Hearst bought Rodale. Meredith bought Time. But these major magazine unions will look relatively small if AT&T acquires Time Warner and Sinclair Broadcast Group manages to take over Tribune Media. And now, CBS is in talks with Viacom to combine. While the valuations in this wave of M&A vary, one thing remains constant: a quest for scale.

Facebook and Google eat the lion's share of digital advertising and practically all the growth. So this wave of mega media mergers illustrates one route to combat the dominance of these internet giants: scale. Each of these mergers amasses an enormous audience in an effort to extend companies' reach in order to compete. And while it will be exciting to see what these mergers yield in terms of advertiser appeal, there's another approach that many marketers should be thinking about.

In today's mass-reach world, it is easy to be blinded by scale. Even in the case of each of these massive mergers, there's something that media brands mastered long ago that still matters: individual relationships. It might sound counterintuitive that corporations like these would know their customers, but the reality is that consumers interact with individual titles, programs, and media personalities. The way that media companies maintain their popularity among consumers is by understanding their interests and serving them. In fact, while consumer trust in the media continues to be low, trust in journalism and journalists is on the rise.

In a world of seemingly infinite reach, that one-to-one connection is more valuable than ever. Here are three things you need to keep in mind so you can get personal with your customers.

1. Make honest human connections. 

Humans are literally wired to connect with one another. When we treat our customers like data or personas or demographics, it can be easy to forget that they are individuals. The really confounding thing about our ability to collect nearly infinite information about our customers is that we don't treat them as well as we did before we interacted digitally.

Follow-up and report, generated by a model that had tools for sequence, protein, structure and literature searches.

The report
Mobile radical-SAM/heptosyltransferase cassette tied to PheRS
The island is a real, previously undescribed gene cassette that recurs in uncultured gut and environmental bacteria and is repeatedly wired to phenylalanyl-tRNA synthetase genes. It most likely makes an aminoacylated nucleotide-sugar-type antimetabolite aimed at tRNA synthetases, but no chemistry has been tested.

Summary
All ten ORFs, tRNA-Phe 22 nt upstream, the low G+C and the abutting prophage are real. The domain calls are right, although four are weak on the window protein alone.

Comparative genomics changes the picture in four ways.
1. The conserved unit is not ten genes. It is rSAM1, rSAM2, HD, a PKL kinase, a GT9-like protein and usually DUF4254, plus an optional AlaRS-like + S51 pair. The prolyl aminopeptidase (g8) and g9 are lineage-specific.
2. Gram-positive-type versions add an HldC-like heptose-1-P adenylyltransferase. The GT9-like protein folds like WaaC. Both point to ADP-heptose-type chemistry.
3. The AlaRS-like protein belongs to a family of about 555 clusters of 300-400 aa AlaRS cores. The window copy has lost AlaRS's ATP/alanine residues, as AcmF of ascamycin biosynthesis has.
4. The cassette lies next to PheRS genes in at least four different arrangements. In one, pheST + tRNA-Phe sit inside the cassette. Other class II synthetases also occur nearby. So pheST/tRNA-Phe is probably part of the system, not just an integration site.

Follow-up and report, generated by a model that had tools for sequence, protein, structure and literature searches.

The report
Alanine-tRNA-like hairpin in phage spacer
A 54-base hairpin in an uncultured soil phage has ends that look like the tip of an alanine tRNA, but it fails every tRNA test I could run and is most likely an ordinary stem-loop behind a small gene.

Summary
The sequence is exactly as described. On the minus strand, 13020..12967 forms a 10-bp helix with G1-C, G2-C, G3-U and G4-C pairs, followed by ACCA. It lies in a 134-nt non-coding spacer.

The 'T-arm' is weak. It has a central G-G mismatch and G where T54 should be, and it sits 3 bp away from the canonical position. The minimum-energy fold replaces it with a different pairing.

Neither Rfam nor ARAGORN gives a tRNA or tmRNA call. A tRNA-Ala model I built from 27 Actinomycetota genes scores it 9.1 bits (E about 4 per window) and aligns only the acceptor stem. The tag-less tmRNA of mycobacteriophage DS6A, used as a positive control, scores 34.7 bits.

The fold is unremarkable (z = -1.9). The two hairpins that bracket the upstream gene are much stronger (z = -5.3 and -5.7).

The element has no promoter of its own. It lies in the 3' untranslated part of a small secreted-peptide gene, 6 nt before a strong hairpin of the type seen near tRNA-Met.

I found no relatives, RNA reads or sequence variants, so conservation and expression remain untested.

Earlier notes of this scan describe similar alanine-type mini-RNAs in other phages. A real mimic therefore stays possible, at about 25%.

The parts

Trust is essential to form human connections. While it might be tempting to use tracking tools to gather data about our customers, trust is more important. Opting in is the bare minimum for data collection--transparency and consent must be given. Be sure that you treat your customers (and their data) with respect to deepen your customer connection.

2. Exchange ideas. 

As a marketer, it can be very easy to focus on one-way messaging. Let's face it--a lot of work goes into creating those marketing messages. However, genuine relationships are based on interaction and dialogue. Find opportunities to listen. Ask questions and for opinions. Give your customers input and not only will you deepen your relationship with them, but you will also probably receive feedback, criticism, and ideas that you can use. Who would know better what your customers need than they do?  

3. Socialize.

Yes, you can incorporate social media. But this requires actively listening, exchanging ideas, responding to positive and negative feedback, and all of the qualities required in genuine human connection. However, while it can be easy to fall back into the internet-scale trap and view social media as the most efficient way to reach your customers, genuine relationships are rarely based on efficiency.

One of the most effective ways to connect with customers is face to face. Many marketers (and media companies) are adding live experiences to their mix. Work with your customers to understand what sorts of real-world events would be useful, fun, or interesting to them. And if creating your own event seems too daunting, you can find out what events they already attend and what sorts of causes matter to them, or interests they have, and create a custom experience within an event just for your audience. What creates a deeper bond than shared experience?

So, yes, there are many ways to reach your customers, and the internet spawns new and increasingly targeted ones all the time. But as you consider the most effective methods for your marketing objectives, consider whether your topmost objective is scale or if you are looking for the kind of lasting customer relationship that will sustain you in the long run.